05-25-2018  7:28 am      •     
The Skanner Report
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By Donovan M. Smith | The Skanner News

Ask Nicky today, and she will say the gang wars she once front-lined for are “pointless.”

Stopping today’s youth from following her path by  joining the ranks of this same “pointless” war she and so many other thousands have fought since the late 1980’s is the reason she has launched the new initiative Neighbors Against Violence.

The alliance comprised entirely of female ex-gang members—some once rivals—aims to steer young people into job opportunities, camps, and provide scholarships with the hopes that paths like these will fulfill their bottom line, “trying to save some lives.”

Most organizations combating  the ills of gang-life tend to be male-led and male-centric as the overwhelming majority of those in gangs are young boys—but the ladies of Neighbors Against Violence are taking a different approach.

“The girls are the ones having the babies and having to raise them when these men die,” Lunita Renfrow, one of the group’s members says.

“The girls are the ones that are stuck afterwards and end up having to be single mothers and not being able to take care of the kids, or the kids keep going back to the street and raising little gang members again.”

Renfrow adds that though they will keep their focus on women, certain resources like scholarships will be available to boys as well.

But they also hope to other services such as daycare so mothers can go to school.

Neighbors Against Violence acts only as an initiative at the moment, but Taylor, the group’s creator, says she is working on getting it to 501c3 status.

After 24-year-old Andre Lee Coggins was killed in one of the city’s three gang-related homicides last year in her North Portland neighborhood, Taylor says she was ready to move head first into the idea -- one she says she’d been sitting on for close to three years.

She began reaching out to the women she felt could translate their tales of street life into inspiration for the kids of today, putting any remnants of animosity to the side.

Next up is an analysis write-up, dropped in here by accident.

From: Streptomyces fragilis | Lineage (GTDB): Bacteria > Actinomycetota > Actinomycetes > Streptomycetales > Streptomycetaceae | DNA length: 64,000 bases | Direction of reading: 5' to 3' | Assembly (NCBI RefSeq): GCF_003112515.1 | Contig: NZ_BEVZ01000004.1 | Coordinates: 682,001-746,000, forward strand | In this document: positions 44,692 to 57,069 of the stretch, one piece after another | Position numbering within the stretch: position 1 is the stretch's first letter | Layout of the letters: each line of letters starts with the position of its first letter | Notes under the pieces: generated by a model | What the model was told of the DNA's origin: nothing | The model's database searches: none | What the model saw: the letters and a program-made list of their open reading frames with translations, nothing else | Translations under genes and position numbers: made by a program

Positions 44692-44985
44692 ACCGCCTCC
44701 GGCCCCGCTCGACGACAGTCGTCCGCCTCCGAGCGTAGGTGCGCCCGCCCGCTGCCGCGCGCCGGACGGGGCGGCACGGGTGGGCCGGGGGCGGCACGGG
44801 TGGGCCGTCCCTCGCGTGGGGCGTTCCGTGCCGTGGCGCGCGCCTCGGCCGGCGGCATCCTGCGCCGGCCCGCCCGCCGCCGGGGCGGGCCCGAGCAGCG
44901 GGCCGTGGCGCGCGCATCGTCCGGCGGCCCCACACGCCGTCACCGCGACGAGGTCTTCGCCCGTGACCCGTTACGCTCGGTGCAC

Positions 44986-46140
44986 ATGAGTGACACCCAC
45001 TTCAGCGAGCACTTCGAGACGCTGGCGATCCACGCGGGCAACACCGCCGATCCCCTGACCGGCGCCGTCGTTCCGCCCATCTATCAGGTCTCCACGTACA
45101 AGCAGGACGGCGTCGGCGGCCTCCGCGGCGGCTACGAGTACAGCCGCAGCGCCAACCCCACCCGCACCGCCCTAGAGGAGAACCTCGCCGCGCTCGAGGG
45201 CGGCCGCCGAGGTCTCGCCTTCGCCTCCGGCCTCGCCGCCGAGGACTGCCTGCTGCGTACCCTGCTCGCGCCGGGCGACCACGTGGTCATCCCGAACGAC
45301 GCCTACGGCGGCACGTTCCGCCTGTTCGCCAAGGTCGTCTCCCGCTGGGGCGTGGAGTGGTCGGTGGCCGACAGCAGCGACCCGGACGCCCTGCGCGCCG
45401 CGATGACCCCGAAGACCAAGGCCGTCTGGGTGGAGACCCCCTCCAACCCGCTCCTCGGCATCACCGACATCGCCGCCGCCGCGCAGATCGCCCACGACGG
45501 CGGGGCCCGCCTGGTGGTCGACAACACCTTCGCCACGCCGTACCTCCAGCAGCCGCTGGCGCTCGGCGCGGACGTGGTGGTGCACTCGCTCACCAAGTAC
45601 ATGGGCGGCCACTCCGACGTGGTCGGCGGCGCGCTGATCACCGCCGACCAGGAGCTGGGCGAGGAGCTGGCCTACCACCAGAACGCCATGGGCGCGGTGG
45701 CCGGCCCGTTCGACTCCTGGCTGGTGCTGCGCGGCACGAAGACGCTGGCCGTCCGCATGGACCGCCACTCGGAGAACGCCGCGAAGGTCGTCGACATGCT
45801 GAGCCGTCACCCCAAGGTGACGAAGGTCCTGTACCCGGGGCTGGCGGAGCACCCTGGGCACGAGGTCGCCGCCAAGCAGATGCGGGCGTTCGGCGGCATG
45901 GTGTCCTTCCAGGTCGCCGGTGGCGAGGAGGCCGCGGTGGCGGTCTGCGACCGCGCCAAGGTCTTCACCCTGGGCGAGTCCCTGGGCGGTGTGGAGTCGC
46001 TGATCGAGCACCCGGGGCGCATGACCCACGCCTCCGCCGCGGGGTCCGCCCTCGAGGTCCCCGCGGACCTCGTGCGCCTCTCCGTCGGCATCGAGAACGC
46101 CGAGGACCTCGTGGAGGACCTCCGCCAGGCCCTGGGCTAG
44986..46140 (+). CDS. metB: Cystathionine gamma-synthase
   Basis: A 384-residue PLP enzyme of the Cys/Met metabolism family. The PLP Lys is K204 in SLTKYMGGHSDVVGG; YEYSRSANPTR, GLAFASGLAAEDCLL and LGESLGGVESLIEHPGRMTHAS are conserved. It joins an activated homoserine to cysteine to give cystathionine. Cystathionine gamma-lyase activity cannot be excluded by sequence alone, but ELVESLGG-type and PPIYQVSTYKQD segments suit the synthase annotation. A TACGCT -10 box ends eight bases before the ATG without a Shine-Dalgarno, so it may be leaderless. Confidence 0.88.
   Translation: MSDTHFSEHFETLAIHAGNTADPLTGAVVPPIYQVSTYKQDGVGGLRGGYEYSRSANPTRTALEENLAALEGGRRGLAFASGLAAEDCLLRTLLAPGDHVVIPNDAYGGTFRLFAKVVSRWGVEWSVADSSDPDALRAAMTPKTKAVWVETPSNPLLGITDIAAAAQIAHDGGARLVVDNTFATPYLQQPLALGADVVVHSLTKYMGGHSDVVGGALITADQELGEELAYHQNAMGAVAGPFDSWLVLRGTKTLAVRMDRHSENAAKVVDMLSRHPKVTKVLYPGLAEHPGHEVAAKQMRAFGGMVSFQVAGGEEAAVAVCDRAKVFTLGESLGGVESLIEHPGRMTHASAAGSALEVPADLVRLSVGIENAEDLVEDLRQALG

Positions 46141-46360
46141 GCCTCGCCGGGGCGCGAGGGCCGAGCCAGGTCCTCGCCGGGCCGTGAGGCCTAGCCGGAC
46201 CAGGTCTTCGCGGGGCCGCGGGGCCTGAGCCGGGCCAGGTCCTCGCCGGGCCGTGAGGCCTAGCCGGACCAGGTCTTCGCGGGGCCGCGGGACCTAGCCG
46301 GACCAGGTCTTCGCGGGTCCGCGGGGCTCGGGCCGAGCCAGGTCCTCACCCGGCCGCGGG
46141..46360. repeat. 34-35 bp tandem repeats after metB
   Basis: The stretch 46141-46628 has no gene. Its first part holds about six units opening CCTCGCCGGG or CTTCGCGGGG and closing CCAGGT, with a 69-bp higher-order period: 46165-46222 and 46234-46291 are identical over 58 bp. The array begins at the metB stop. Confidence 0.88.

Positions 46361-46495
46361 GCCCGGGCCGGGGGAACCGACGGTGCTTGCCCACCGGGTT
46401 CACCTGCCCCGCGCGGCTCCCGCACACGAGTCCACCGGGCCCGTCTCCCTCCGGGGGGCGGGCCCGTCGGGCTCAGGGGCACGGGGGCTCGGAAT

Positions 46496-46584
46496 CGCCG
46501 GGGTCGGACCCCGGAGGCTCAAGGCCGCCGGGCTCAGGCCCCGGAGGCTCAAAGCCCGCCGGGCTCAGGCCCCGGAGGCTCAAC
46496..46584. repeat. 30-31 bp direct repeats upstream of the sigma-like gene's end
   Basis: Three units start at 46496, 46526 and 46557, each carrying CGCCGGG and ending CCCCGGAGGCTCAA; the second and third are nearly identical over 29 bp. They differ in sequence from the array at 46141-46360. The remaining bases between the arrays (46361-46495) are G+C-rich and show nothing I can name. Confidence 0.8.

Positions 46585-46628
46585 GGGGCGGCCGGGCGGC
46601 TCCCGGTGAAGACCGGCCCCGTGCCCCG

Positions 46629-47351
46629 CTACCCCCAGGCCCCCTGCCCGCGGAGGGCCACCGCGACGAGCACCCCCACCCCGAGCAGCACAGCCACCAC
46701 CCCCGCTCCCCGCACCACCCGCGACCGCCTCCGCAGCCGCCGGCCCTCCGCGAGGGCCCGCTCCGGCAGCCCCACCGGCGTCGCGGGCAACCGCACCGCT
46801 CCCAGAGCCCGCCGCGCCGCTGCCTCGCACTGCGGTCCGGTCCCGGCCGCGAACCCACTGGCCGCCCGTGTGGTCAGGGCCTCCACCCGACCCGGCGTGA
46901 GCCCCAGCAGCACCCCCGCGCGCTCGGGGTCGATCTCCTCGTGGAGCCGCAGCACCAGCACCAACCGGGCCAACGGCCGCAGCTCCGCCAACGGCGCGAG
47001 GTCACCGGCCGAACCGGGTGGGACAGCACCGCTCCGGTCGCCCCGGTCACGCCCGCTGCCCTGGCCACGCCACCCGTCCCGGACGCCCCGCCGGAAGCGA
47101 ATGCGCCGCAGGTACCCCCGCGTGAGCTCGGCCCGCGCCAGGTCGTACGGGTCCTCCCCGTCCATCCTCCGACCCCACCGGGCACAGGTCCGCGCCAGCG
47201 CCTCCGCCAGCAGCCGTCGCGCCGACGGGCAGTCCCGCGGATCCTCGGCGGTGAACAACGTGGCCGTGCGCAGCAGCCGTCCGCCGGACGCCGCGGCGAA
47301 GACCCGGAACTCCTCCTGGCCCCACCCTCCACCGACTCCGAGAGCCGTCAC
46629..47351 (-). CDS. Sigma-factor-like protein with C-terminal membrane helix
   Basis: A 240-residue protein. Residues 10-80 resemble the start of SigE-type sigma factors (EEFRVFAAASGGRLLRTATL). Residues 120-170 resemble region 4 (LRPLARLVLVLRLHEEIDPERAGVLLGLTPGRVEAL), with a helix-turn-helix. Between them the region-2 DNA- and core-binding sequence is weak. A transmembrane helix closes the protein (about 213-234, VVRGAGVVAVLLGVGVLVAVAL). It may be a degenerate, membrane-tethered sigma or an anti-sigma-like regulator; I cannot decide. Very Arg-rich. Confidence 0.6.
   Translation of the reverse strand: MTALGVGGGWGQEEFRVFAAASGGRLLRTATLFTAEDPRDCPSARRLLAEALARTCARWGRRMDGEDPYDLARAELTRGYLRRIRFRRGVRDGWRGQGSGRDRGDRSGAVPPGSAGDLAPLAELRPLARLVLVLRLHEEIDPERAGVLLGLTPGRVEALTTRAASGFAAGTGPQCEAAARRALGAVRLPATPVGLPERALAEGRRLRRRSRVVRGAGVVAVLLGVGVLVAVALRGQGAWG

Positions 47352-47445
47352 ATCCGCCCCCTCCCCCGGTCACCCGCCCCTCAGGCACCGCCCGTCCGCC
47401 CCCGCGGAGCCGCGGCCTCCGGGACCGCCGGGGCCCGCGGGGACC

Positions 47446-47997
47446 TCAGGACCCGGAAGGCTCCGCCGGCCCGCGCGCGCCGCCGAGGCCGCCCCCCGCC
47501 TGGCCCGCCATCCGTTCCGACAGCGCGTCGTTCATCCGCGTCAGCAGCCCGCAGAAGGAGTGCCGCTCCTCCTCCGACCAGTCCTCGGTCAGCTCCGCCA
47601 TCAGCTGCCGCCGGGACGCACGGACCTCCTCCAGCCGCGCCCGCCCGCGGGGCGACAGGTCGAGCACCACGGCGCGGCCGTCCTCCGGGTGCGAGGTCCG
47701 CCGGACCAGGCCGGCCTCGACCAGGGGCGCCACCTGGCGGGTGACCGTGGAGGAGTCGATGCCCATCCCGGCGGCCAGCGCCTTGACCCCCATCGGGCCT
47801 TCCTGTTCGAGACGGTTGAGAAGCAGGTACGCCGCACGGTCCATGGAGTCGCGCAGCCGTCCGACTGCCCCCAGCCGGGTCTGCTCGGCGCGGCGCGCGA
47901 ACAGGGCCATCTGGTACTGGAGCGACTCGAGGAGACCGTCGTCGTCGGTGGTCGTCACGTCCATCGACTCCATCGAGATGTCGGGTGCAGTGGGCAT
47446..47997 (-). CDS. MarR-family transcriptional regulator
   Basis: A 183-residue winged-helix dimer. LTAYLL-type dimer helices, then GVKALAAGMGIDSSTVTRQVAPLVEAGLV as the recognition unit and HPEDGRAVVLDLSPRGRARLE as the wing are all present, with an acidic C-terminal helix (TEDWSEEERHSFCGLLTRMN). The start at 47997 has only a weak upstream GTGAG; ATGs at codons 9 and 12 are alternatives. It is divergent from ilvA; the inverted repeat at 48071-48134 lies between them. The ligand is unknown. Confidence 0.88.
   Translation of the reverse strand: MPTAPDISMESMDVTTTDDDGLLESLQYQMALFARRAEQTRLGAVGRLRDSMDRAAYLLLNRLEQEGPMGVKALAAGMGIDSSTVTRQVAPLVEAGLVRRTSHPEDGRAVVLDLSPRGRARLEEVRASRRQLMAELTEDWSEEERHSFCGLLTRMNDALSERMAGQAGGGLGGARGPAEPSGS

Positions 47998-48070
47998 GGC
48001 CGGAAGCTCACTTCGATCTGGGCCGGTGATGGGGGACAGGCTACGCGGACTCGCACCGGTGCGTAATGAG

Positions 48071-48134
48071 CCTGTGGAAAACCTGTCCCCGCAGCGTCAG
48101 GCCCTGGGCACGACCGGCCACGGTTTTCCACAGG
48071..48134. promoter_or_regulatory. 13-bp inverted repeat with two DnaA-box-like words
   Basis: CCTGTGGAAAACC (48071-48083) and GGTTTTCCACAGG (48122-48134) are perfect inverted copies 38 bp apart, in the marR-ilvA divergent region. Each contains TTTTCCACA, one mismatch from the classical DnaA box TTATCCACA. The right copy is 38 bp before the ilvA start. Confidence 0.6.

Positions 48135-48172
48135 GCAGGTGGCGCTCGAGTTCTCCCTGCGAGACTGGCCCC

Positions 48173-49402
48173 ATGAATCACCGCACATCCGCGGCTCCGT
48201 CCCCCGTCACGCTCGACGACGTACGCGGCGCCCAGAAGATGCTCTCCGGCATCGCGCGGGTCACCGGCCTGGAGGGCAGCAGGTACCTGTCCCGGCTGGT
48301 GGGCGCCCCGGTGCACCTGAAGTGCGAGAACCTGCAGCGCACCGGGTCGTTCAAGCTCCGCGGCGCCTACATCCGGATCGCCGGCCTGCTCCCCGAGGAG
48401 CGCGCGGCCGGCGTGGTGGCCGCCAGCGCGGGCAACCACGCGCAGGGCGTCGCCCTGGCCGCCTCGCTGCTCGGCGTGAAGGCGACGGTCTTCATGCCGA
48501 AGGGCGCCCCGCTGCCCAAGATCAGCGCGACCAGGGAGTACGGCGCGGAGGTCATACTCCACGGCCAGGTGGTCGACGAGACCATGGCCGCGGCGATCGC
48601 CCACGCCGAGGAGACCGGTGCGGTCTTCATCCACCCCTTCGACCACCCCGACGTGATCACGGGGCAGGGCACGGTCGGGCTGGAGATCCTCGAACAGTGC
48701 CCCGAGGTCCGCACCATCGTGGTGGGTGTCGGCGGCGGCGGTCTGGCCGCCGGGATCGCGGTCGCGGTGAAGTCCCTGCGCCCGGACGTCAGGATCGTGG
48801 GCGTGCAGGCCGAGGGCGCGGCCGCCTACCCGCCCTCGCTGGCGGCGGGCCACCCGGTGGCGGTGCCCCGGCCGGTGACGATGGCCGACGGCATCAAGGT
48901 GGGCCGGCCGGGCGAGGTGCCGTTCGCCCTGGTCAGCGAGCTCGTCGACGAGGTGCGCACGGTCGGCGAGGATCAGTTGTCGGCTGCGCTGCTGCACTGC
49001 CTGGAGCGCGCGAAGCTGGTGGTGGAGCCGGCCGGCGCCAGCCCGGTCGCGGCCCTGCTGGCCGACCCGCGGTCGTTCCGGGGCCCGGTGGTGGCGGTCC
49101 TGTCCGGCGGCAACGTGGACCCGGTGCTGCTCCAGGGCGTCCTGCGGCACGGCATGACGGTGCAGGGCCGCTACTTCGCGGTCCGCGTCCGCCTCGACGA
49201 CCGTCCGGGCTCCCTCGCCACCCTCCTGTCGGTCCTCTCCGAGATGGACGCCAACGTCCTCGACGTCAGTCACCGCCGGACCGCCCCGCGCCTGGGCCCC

How? They were all friends at one point.

These women, all former gang-members have all banded together to provide youth with alternate paths to street life with the formation of their new initiative: Neighbors Against Violence. Pictured here from left to right are: Lunita Renfrow, Dyrenda Waller, Loretta Rogers, Selmene Rodriguez, and Nicole Taylor. --Photo by Donovan M. Smith


“We basically went back to that. Like, what [were] we tripping off of, really? I done slept at your house. Been at your mama’s house. We done broke bread together. We literally went back to the basics,” says Selmene Rodriguez.

Since forming, the women have been doing presentations and small-scale community events throughout the city using as an entry piece Taylor’s autobiographical book penned  in 1998, “Ask Nicky…A Young Person’s Workbook for Building Dreams.”

The book works more or less as the group’s “Bible” right now, detailing real-life scenes from Taylor’s life. The goal is for kids to use it as critical thinking to debate how she could best have handled her adversities, growing up as a youth influenced by gang culture.

Taylor’s initiative comes during a time when gang violence is on a noticeable uptick, after nearly a decade of record lows. City officials say the violence peaked in 1997, when 15 died in gang violence citywide.

Many others who did not lose their lives were hurt in other ways, with lengthy prison sentences or criminal records that prevent job opportunities, leaving the long-neglected and impoverished residents of the city’s North and Northeast an even more unstable community.

Unlike the time they came up ‘banging, they say much like the ever-gentrifying areas they once branded their allegiances to (neighborhoods like Woodlawn, and avenues like Kerby) there is a growing disappearance of organization within these gangs.

“Ain’t no hoods no more. Everything is so spread out, they come together when they come together and that’s why there’s so much violence -- because nobody has loyalty anymore like they used to.

“So it’s just [kids claiming a gang] then seeing each other and [having a conflict],” says Renfrow.

“There’s no rules to this. It’s not like it used to be before. It’s extremely scary,” adds Rodriguez.

Nonetheless, the women say they are taking responsibility for their pasts and trying to plant positivity and opportunity into today’s generation with community organizations, schools and churches alike.

“When they start seeing that we’ve come together as a collective, we’ll be able to tackle the streets and those youngsters.”

At one of their first events as a collective, Neighbors Against Violence were approached by a young girl.

“Are all of them your sisters?” the girl asked.

“Yes,” one replied, “all of them are my sisters now.”

Neighbors Against Violence will be serving up home-made goods this week at First AME Zion Church (4303 N. Vancouver Ave.) , Friday and Saturday, May 15-16, as part of a fundraiser to start their own summer camps.

Friday, chicken is the main menu item coming in both regular and spicy flavors, with french fries and toast as sides, and dessert.

The following day’s menu includes spaghetti and fried fish, accompanied by garlic toast and dessert.  All meals come with your pick of water or soda.

Plates are $8 apiece, and donations are being accepted. To place an order, call 503-960-9297.

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